Thoma assured that living sustainably doesn’t mean changing everything. “Being mindful of the impact that even the most minute decisions have on the world around us, and then letting that inform and motivate your actions, is the key to beginning to live more sustainably,” she said. 

Leytem encouraged focusing on the larger picture as well.

“Remember also that sustainability is not only focused on the environmental impacts of our decisions, but also the social and economic impacts they have,” Leytem said. “It’s one thing to try to make sustainable decisions on a day to day basis, but what is truly needed is for people to work on changing the scaffolding of our systems of power to create a more sustainable future.”

Leytem talked about how spending time in your college years to learn about these systems, working with others to imagine solutions to social, economic and environmental issues and exploring these challenging ideas, will overall, lead to a more sustainable world. 

“Use your passion and drive to find ways to make a change in your community,” Leytem said. 

Both Reynolds and Leytem talked about utilizing OSU’s sustainability office to become more educated on the topics. The office provides tools for this such as personal carbon, ecological and water footprint surveys that show students what their impact on the planet is. Additionally, the office works with programs such as waste watchers—a student run organization at OSU that aims to reduce waste and work with campus recycling. 

“The other stuff [you can do] is just to become informed,” Reynolds said. “Find out what your ecological footprint looks like, what your water footprint looks like and what aspects of your lifestyle may be impacting that most, and then you can start having the power to actually start looking at those things and making those decisions,” Reynolds added.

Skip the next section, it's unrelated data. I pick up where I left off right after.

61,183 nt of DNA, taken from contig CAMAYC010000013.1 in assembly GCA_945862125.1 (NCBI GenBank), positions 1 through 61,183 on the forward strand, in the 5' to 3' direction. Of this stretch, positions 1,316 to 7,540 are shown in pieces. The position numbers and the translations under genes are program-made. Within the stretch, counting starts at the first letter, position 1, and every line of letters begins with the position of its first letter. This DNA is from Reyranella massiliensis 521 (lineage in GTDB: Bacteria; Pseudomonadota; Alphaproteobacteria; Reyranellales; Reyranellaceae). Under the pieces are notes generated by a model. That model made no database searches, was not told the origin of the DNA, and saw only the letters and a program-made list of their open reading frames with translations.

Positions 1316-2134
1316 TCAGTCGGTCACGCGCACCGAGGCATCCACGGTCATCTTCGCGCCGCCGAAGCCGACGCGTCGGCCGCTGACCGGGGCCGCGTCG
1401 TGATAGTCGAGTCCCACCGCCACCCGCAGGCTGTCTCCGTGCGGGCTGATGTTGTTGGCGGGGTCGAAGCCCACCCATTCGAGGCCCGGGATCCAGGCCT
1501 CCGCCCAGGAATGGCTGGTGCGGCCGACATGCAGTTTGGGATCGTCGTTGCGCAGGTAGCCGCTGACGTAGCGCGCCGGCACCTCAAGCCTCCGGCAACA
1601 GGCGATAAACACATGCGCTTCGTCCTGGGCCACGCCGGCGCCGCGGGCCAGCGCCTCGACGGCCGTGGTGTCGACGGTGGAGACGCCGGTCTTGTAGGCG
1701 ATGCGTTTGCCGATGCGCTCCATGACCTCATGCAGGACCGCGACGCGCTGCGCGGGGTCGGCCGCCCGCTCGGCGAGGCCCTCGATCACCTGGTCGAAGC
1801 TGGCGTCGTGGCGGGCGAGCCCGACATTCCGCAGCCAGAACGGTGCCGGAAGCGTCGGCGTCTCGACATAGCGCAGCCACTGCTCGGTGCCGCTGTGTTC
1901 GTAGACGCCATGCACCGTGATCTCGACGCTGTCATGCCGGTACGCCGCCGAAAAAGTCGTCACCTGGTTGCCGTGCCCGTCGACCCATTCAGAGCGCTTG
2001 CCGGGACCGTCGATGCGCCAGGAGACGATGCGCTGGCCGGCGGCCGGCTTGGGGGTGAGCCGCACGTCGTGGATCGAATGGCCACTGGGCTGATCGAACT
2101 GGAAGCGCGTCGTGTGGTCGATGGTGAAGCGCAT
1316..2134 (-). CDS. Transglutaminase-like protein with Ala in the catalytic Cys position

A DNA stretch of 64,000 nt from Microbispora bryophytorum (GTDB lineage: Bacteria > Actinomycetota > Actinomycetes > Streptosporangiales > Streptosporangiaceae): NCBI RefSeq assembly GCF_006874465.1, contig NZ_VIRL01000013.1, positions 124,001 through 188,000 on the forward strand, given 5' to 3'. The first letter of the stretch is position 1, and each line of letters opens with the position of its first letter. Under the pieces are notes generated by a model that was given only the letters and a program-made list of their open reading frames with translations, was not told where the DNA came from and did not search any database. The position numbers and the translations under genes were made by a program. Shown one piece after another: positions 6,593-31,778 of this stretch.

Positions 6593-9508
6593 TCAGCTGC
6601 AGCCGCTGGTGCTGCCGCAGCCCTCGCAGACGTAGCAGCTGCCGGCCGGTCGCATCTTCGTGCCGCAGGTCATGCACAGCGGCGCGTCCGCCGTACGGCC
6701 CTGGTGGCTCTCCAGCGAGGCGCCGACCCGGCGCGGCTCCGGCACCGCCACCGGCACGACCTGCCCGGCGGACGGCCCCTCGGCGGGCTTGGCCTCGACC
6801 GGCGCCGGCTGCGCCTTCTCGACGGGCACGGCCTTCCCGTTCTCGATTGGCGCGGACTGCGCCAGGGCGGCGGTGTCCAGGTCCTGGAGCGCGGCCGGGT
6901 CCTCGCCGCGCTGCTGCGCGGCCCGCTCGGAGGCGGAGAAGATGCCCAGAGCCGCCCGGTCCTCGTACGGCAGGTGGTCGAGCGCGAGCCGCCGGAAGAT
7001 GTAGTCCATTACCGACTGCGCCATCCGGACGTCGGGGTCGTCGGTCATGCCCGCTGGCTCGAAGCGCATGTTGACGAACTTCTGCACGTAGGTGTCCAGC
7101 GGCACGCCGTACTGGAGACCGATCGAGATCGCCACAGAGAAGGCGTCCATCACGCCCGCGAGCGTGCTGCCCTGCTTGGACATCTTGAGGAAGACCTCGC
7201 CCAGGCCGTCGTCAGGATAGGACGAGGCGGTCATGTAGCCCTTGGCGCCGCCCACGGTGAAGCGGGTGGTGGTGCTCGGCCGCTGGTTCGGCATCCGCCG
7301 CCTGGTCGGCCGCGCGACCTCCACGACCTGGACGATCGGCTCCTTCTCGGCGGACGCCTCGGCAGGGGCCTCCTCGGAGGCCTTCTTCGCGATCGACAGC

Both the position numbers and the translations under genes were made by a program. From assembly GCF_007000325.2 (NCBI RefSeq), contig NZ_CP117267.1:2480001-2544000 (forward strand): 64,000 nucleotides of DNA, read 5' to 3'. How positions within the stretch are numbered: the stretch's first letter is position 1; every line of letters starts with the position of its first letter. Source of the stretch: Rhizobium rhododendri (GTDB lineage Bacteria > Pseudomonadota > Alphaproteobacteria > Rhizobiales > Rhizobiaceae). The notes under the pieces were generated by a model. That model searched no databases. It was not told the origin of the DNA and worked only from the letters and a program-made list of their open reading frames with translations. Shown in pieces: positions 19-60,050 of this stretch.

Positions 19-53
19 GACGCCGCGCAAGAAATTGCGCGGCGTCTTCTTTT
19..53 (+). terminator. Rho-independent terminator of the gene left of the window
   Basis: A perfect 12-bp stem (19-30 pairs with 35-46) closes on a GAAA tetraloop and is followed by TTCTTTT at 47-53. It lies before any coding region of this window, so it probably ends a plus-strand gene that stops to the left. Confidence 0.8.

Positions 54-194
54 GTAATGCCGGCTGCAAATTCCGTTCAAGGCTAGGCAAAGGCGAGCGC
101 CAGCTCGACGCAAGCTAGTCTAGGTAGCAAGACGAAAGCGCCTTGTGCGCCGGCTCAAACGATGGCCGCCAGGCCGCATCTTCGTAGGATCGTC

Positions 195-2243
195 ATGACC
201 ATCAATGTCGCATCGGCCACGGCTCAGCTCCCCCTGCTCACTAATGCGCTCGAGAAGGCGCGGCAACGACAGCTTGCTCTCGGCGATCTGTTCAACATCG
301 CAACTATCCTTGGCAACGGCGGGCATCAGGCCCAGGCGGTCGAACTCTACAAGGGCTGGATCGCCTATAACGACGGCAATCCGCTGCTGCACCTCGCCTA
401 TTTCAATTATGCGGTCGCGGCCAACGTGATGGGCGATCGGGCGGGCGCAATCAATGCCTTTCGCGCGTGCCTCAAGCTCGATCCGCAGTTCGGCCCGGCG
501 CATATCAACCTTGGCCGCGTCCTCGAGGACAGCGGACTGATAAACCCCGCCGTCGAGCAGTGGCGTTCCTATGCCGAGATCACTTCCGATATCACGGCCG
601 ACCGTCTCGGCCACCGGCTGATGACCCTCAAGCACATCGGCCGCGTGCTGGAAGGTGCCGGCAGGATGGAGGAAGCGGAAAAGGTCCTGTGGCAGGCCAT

OSU can play a role in this as well. Reynolds and Leytem acknowledged OSU’s strides in working to become carbon neutral. 

“There is progress being made in making OSU more carbon neutral, sadly I don’t think we’ve been able to achieve certain things like carbon de-investment,” said Reynolds. “OSU has divested from fossil fuels. OSU is still working toward carbon neutrality, and a lot of our electricity comes from fossil fuels so that is a place where the university can improve over time.” 

Another thing Reynolds noted that could be improved upon are to-go containers and food waste management. She said that before the COVID-19 pandemic, there was a lot of attention going towards the issue, which has currently been put on hold. 

Thoma talked about how she would like to see better composting services around campus to reduce food waste and to see the dining halls source their food more locally. Additionally, she added that turning the heat down in OSU buildings will help conserve energy. 

Reynolds said, “I think maybe one of the best things that OSU could do right now is just encouraging students to participate in these sustainability activities and getting students to tell us what it is they’re looking for, what they think is going to be the next big step and actually taking that step.”

Reynolds added, “There’s always room for improvement though, of course.”